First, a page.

What I know about classical music you can find on the head of a pin and have room left over. I do, however, know damned good guitar playing when I hear it, and virtuoso soloist Tim Sparks plays some damned good guitar. For that matter, you can ask iconic legend Leo Kottke, who attests, “I’m Tim Sparks’s biggest fan. His stuff is very difficult to play but it doesn’t sound difficult. I think that’s real musicianship. He really is one of the best guitar players I know.”
Sparks has, in fact, been compared to Kottke as well the immortal likes of Andres Segovia and Doc Watson. Sparks is usually running around the globe, gigging in Europe, Asia, and the Middle East; he touched down in the Twin Cities to do a holiday concert at the Guthrie Theater’s Dowling Studio on December 12, marking the 20th anniversary of Tchaikovsky’s The Nutcracker Suite (ToneWood), available for the first time as a domestic release—before this, the recording was offered only as a 1993 import.
The CD is two compositions: “The Nutcracker Suite” and “Balkan Dreams Suite.” Highly recommended from “Balkan Dreams Suite” is the intriguing original movement (he also does all the arranging on the album) “The Blues on Bartok Street.” Tchaikovsky’s The Nutcracker Suite by Tim Sparks is fine listening and, who knows, might convince some of your snootier friends that you’ve got culture. Just after Thanksgiving, Sparks gave a few comments on his craft by e-mail.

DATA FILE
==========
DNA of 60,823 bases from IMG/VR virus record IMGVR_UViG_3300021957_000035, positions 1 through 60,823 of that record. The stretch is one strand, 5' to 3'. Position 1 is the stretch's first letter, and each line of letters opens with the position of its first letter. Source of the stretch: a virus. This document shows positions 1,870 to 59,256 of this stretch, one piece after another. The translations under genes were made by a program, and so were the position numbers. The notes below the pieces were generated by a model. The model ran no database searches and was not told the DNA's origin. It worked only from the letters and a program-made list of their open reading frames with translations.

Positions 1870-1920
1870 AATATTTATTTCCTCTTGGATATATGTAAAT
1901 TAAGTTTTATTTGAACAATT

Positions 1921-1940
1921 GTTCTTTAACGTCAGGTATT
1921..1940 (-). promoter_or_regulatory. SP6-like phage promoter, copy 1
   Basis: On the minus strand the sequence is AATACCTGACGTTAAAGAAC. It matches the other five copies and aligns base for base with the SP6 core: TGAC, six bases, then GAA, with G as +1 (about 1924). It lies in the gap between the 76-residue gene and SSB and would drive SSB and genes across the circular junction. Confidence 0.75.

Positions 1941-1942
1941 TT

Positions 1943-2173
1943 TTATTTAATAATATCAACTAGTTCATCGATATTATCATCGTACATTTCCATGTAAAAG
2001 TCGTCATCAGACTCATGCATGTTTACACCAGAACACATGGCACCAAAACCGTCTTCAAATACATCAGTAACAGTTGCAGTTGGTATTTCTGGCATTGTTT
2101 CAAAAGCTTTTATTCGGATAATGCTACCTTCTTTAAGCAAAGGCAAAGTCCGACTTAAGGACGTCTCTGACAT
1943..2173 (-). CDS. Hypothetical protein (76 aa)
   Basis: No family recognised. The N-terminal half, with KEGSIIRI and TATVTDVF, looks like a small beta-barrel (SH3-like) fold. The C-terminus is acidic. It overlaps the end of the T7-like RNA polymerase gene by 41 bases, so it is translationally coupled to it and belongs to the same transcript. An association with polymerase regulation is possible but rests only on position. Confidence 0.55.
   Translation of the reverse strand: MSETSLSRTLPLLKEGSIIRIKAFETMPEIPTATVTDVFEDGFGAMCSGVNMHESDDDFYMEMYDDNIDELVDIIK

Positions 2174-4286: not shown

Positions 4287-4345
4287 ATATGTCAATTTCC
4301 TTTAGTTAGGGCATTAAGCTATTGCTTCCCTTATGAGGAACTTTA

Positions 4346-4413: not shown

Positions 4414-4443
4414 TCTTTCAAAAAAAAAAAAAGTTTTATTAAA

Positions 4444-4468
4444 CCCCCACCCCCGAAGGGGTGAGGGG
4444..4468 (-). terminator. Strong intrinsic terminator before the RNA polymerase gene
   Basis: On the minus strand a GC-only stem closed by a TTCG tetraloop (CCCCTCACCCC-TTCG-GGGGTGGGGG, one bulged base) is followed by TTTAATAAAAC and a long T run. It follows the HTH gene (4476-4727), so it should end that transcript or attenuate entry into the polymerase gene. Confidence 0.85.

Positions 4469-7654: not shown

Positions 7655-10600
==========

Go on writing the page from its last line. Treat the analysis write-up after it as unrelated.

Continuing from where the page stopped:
While you’ve established an international reputation in your own right, is it not one hell of a tribute that Leo Kottke has your back?
Yes, Leo has been very generous in his support. It has meant a lot to me.
What inspired “The Blues on Bartok Street”?
My wife and I went to Budapest in 1987. It was at the end of the Soviet Era. Budapest was both beautiful and spooky. The local legend is that the statues climb down off the buildings and walk the streets in the wee hours. This song was inspired by Budapest and an encounter I had there with a gargoyle one misty night.
What made you pick up guitar?
I liked music. I also had epilepsy and was somewhat brain-damaged, so I couldn’t do sports.
You recorded this album quite some time ago. Why re-release it?
This was my first solo guitar recording and was released in Europe in 1993 on Acoustic Music Records. It’s only been available in America as an expensive import. I was listening to it at a holiday party last year and decided I would put it put on my Tonewood label.
What is the most significant difference in your artistry since you recorded this and what difference do you expect to see in your next recording? Which will be when?
I think this is one of my favorite recordings. My subsequent work built on these ideas with more improvisation and jazz, especially the projects I did for Tzadik Records. I’m working on a collection of solo guitar arrangements of early 20th century composers Stravinsky, Prokofiev, and Shostakovich.